The Isle of Palms seawall was identified in the Seawall Masterplan as one of the top priority seawall replacements within the City of Fort Lauderdale.
In addition to the structural degradation status of this seawall, it also gets overtopped during king tide events several times a year. These tidal events cause mass flooding on Isle of Palm Drive, damaging both public and private property and making public right of ways impassible due to the salt water inundation.
The Isle of Palms seawall is approximately 900 linear feet long. The new replacement seawall design will consist of cantilever steel sheet piles with a concrete cap, and will have a minimum cap elevation of 5.00’ NAVD. The new design will ensure that this seawall will no longer be breached during tidal events.
Update: April 1, 2020
- Sheet pile installation has been completed (100% of total length) as of March 31st.
- The contractor is currently working on installing the formwork and steelwork required in order to pour the new concrete cap.
- The contractor is also installing outfall penetrations and jet filters through the new sheet piles, in order to drain the roadway properly.
- Preliminary concrete is scheduled to be poured on Thursday, April 9th, for approximately the first 150 feet of the cap, starting on the north end of the project. After each concrete pour, the contractor will wait for three (3) days (Friday through Sunday) to allow enough time for the concrete to cure so they can proceed with removing the formwork and shifting it over to form and pour the next concrete cap section. For this reason, the contractor is planning not to work on Fridays for the duration of the cap installation.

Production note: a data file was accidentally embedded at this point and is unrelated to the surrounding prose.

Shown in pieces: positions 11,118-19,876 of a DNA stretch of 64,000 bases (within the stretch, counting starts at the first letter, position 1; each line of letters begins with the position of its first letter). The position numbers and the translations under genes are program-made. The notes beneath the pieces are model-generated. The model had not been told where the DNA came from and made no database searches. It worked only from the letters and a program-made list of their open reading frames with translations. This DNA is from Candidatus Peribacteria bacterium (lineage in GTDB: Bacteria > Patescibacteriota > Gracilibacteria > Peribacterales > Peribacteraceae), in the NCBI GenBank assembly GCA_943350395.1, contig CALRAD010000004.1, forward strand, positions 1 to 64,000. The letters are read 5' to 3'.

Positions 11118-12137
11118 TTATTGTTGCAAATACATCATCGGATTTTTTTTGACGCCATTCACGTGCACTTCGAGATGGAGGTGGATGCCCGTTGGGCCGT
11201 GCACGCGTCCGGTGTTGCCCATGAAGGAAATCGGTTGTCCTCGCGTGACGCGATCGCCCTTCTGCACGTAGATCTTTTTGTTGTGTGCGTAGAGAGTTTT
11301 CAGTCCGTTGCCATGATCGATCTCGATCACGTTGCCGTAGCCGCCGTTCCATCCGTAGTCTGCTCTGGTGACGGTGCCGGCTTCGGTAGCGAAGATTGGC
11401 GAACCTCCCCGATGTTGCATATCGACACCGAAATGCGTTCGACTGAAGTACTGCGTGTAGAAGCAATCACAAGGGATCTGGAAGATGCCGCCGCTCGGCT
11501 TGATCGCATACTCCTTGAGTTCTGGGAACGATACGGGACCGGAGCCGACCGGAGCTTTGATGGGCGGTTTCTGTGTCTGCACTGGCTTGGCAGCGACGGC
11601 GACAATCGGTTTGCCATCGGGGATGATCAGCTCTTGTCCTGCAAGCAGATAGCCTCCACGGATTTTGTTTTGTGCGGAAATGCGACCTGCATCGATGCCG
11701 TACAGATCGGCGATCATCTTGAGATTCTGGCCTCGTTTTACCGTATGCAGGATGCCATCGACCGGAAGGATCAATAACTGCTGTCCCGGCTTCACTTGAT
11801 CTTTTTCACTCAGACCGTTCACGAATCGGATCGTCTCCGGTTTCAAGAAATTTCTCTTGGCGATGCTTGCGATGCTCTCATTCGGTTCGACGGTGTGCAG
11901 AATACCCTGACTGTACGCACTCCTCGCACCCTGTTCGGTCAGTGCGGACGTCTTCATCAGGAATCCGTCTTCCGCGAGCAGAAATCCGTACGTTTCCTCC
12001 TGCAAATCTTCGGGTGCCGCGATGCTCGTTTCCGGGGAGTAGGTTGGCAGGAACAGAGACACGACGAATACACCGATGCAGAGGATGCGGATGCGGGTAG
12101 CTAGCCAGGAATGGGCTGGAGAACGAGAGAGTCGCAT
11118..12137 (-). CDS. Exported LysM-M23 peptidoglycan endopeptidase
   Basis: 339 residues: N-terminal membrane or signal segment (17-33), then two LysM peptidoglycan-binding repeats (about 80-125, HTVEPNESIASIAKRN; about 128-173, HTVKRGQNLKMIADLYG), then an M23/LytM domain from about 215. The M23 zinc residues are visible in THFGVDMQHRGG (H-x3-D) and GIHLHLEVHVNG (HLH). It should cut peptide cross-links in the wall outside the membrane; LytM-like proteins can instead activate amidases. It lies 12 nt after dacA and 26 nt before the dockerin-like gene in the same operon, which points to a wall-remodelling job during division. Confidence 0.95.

- Contractor is expected to have approximately 500 feet of the new concrete cap (54% of total length) installed by April 30th.
Neighbors were invited to a public meeting on the seawall project to get additional information and ask questions on September 30, 2019. See below for informational materials:
The City has put together a list of Frequently Asked Questions as the City pursues this Community Investment Project to reduce the frequency, intensity, and duration of flooding on Isle of Palms Drive, to provide more consistent access to the Isle of Palms neighborhood, and to improve coastal resilience to tidal flooding and sea level rise.